July 8, 2009

Paradox of Thrift, Savings and Investment

There was such a great comment by reader "es" on a post about the paradox of thrift at Paul Krugman's blog that I just have to copy it here verbatim.


The story behind the paradox of thrift goes like this. Suppose a large group of people decides to save more. You might think that this would necessarily mean a rise in national savings. But if falling consumption causes the economy to fall into a recession, incomes will fall, and so will savings, other things equal. This induced fall in savings can largely or completely offset the initial rise.

Which way it goes depends on what happens to investment, since savings are always equal to investment. If the central bank can cut interest rates, investment and hence savings may rise. But if the central bank can’t cut rates — say, because they’re already zero — investment is likely to fall, not rise, because of lower capacity utilization. And this means that GDP and hence incomes have to fall so much that when people try to save more, the nation actually ends up saving less.

Okay, I admit I don’t really understand this. I always seem to get hung up on S = I (Savings equals Investment). What would happen if you worked from the hypothesis that S = I + W, with W standing for Waste? Sure it muddies things, because it’s hard to weight whatever you are measuring as to its true productivity. But this is reality. When the old paradigm doesn’t work, or leads to paradox, you have to question your basic assumptions. Not all savings lead to purposeful investment. Witness the proverbial gold under the mattress. Witness wheat put by for a bad harvest and then mouldering in a badly maintained storage facility. Check out the over-elaborate plastic toys that over-stimulate and maybe poison our already hyper-active children. Especially pertinent, witness a population underfed and under educated and inadequately protected from disease to guard against the future possibility of debt.

Already in your columns I see you speaking of saving and investment as different entities, and then when you get “wonkish” (I guess you mean mathematical) you fall back to S = I.

I recommend that you assign a graduate student to work on the need to incorporate more variables into the S=I axiom. It might get him a Nobel prize, or save the world, or something.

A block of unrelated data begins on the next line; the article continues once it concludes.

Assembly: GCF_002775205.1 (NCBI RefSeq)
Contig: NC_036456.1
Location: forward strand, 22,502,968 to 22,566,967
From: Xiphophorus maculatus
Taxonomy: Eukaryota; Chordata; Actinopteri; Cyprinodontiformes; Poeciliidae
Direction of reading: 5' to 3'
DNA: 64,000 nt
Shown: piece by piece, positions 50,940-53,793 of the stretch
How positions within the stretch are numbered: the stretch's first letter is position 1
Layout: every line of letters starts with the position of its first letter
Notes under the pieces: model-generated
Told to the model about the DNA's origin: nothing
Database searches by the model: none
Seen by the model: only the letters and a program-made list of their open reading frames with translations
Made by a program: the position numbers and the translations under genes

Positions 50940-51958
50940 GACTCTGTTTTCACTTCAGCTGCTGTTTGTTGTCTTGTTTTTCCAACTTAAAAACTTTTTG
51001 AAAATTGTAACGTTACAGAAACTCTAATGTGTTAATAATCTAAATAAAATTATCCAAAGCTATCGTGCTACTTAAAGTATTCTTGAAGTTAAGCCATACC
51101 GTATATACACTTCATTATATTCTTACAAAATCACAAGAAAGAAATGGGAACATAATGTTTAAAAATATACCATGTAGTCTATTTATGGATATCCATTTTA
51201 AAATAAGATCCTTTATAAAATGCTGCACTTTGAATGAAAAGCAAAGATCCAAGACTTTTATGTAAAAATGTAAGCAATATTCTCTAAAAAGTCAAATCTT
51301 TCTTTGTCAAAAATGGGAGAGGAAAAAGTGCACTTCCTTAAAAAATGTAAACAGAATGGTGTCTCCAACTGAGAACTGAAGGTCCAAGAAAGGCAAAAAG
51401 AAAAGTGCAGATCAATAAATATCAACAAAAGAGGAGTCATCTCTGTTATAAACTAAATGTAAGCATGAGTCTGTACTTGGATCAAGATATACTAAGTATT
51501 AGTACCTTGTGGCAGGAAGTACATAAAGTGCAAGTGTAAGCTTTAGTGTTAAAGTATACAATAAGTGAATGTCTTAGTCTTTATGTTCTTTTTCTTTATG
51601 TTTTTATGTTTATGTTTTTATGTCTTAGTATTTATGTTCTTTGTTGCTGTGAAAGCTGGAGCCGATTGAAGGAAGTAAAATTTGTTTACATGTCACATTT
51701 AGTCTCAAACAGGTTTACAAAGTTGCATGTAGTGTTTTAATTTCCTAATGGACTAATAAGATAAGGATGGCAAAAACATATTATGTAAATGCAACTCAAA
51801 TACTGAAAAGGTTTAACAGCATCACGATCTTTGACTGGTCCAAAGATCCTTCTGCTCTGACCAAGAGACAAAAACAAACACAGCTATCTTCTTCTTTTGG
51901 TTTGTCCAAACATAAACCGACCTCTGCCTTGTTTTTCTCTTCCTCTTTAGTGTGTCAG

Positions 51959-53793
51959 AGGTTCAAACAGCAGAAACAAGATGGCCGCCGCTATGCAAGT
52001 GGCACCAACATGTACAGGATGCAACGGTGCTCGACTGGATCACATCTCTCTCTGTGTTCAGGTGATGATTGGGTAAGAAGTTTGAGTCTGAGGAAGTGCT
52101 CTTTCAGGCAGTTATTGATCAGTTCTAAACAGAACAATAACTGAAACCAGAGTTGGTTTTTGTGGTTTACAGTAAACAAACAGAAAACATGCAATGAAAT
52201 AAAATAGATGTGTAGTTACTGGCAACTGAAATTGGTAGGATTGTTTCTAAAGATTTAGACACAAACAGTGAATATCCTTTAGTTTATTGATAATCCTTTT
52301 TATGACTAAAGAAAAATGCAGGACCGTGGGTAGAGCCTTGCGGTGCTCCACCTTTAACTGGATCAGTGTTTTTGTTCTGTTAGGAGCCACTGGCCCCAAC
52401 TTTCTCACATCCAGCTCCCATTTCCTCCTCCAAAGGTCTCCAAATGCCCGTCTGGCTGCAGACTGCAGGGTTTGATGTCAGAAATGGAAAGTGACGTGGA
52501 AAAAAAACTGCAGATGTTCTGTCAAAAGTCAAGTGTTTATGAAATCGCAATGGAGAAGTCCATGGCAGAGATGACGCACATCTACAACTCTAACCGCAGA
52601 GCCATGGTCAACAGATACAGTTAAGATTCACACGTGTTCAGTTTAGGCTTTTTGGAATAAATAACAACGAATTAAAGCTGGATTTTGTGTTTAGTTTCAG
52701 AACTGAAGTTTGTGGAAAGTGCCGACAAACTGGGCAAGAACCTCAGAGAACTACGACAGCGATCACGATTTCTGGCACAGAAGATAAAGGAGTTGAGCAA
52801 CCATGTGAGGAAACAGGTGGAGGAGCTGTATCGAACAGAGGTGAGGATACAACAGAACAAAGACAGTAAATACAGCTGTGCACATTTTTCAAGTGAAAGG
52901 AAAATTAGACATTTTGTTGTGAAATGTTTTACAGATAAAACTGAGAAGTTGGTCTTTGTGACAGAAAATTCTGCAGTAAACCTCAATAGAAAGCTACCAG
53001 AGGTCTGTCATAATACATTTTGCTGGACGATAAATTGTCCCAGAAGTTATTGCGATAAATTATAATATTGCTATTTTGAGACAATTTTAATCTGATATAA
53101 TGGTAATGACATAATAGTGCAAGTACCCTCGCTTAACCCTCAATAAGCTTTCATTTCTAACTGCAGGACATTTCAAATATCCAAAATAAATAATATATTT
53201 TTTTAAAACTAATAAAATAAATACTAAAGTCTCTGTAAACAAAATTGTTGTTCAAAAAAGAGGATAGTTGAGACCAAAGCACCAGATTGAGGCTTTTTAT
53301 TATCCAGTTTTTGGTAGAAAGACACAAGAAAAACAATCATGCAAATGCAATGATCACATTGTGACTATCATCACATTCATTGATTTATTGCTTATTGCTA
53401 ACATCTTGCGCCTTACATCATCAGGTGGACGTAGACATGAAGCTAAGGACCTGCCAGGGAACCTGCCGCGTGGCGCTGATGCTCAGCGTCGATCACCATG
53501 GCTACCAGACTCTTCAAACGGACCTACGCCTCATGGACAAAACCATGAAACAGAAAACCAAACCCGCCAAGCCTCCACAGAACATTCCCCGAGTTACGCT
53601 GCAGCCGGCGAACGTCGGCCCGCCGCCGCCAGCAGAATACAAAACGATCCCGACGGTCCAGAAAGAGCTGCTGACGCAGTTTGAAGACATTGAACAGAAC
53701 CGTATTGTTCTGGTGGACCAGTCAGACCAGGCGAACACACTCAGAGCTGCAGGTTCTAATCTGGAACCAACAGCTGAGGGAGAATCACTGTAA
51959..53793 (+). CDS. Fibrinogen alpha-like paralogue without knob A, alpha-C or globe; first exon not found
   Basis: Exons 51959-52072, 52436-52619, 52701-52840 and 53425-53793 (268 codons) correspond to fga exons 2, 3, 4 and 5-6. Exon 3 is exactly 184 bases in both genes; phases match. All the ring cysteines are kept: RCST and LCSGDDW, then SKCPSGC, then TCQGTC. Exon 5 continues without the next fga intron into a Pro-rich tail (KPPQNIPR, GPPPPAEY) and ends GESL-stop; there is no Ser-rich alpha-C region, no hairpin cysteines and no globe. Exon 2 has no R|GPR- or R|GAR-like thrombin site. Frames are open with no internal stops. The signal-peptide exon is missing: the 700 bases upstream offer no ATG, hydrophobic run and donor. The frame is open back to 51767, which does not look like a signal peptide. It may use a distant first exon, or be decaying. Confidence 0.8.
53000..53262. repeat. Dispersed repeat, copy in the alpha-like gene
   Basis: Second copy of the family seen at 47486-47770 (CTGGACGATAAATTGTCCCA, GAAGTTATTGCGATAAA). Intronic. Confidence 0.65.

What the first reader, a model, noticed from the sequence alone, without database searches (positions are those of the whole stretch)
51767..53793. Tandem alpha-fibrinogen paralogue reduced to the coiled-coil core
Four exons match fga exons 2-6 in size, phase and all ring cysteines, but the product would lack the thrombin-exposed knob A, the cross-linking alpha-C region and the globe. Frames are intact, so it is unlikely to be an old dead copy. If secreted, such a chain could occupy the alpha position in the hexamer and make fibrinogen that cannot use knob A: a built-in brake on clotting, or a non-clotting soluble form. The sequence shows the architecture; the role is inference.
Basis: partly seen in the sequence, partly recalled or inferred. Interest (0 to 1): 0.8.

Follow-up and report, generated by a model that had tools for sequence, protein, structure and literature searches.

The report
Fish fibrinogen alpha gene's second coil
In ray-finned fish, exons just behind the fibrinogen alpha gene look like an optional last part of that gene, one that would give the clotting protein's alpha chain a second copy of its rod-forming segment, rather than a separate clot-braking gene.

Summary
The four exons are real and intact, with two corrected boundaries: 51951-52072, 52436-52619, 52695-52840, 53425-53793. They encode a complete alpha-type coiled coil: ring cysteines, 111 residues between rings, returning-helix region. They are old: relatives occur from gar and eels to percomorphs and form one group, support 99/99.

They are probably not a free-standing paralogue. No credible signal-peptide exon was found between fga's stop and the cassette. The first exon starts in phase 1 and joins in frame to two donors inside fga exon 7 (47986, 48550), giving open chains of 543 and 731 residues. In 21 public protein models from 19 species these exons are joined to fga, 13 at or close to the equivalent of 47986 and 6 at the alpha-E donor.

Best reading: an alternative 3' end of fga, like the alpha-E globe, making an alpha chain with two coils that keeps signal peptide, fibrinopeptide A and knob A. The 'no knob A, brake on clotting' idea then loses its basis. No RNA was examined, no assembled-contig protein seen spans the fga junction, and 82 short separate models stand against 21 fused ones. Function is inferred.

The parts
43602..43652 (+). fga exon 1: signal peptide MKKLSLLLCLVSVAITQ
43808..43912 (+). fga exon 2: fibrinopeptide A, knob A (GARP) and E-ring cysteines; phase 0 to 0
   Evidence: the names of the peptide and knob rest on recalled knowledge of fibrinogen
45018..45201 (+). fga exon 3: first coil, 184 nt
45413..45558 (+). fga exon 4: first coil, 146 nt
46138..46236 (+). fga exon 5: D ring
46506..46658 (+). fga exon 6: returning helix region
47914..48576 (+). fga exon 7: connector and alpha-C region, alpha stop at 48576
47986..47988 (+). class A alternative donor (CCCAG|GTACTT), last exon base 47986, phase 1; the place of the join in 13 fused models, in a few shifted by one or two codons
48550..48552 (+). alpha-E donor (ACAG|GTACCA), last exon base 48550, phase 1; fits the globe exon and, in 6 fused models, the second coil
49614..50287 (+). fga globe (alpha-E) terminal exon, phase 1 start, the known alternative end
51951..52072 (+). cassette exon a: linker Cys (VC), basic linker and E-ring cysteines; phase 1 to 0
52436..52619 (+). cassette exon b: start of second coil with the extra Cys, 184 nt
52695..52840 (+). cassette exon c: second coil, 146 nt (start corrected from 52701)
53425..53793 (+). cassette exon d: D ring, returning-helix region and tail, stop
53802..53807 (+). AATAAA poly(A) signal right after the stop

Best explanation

I just love the snark in that last paragraph.

Of course, the identity of savings and investment doesn't make any common sense, but since when such a thing has been expected of economic theory?

I'm not sure either if it makes any sense to think of this identity in terms of any units of currency, but in addition to the waste term on the right, there should at least be a term for credit expansion on the left. I would also amend the equation to

S + C = I + W,

where C is the net amount of credit creation. Of course this equation is not a real equation. There are severe time lags in all the processes that are part of it. It can only be discussed in a statistical sense:

E[S + C] = E[I + W],

where E denotes the expected value. In addition to a temporal sense for this statistical dependence, one must also think about the ensemble statistics to account for people with different concepts for value, etc.

Credit has the ability to create investment without any net savings. Somebody gets into debt, which is equivalent to negative saving. Somebody else gets the loaned sum of money, and decides to save it. The net savings are zero.

However, there would have possibly been an investment that was made with the borrowed money. All is well, as long as the debtor pays the money back. Credit is a form of delayed savings. Investment is made first, then come the savings, little by little.

Problems occur when too much credit is extended. What if there is no income from which to save? People default on their loans. Oops... Now (nominal) investment has been much higher that the "savings" from which it was supposedly made. Savings are actually smaller than investment.

This is where the identity asserts itself with a lag. The value of savings increases while the value of investment decreases. Result: deflation.

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